The Monte Carlo Rally might be over for another year (and you can read about it here) but don’t imagine that’s the last we’ll see of angry little cars tearing around the snowy cols at preposterous speeds this month. The Rallye Monte Carlo Historique sets off on Friday (29 January).
And this year there’s a treat in store in the form of Jean Ragnotti, 70 this year, back behind the wheel of the car he drove to victory in the Monte when he was a mere 35-year-old.
That would be the Renault 5 Turbo then, the actual yellow-and-black No 9 which won on its first outing. Ragnotti and co-driver Jean-Marc Andrié brought the car home almost three minutes ahead of the Talbot Sunbeam Lotus of Guy Fréquelin (and Jean Todt!) in the 1981 event.
And here they are doing it, in this short video, complete with some nice in-car and on-car camerawork to give a real flavour of top-class rallying before the Group B monsters took over from the following year…
Talk about a rallying timewarp. But the sport didn’t stay like this for much longer of course, thanks in part to something else that distinguished the 1981 Monte: the debut of the Audi Quattro, in the hands of Hannu Mikkola. The new fangled four-wheel drive machine crashed out in ‘81, but the writing was on the wall. The thought of a Renault 5 – even a turbocharged and mid-engined one – ever being able to repeat its success amid the coming Group B cars seems fanciful now, though Ragnotti did win with the Renault 5 in the 1982 and (with the R5 Maxi Turbo) 1986 Tour de Corse.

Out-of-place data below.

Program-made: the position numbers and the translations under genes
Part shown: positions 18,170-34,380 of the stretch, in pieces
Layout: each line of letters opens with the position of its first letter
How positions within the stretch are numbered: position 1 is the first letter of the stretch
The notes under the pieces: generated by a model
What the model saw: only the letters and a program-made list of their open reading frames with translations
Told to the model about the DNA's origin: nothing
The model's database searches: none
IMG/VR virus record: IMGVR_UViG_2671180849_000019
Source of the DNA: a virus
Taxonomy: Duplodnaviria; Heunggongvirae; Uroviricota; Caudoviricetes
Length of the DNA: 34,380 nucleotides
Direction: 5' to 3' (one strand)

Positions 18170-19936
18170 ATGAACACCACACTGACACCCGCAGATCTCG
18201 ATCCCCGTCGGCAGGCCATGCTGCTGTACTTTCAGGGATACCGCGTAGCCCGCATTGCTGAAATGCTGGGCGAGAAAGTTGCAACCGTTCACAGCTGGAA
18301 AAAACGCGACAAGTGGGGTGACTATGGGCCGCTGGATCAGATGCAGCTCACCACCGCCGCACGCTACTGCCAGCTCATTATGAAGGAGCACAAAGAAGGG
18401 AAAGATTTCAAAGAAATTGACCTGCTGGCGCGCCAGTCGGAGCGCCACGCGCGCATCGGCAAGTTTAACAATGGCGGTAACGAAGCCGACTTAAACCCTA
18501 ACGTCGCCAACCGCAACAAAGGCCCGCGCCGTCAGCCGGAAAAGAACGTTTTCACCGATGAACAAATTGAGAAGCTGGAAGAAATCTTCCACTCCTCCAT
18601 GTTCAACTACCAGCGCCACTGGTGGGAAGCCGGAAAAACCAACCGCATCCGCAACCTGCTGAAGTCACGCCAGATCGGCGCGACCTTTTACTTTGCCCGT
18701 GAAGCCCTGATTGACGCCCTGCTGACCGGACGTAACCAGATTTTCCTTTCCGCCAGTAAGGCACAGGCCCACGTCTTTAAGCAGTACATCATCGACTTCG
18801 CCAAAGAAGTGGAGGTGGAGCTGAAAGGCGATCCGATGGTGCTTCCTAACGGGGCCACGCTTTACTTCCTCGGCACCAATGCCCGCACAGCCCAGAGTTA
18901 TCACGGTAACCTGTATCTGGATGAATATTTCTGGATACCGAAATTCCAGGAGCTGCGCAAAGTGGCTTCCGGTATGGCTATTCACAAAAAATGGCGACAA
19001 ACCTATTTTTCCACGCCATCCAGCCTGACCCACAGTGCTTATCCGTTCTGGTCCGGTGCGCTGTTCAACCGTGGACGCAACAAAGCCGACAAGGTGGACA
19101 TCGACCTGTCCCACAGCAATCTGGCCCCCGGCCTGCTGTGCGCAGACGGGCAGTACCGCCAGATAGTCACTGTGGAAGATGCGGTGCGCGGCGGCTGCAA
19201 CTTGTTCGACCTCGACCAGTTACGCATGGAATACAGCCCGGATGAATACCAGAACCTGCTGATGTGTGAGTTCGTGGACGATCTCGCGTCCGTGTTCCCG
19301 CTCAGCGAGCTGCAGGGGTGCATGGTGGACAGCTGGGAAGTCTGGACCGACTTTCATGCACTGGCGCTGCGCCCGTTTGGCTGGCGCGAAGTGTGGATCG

Ragnotti’s Renault re-run in the Monte classic this year is but one of four crews fielded by Renault Classic to mark the 35th anniversary of the 5’s debut win. The other cars taking part are all (front-engined) Group 2 Renault 5 Alpines, one of them driven by 1969 Gordini race scholarship winner and F1 driver Michel Leclére.
Of Ragnotti, Renault says: ‘He turns 70 this year but has lost none of his celebrated acrobatic driving skills.’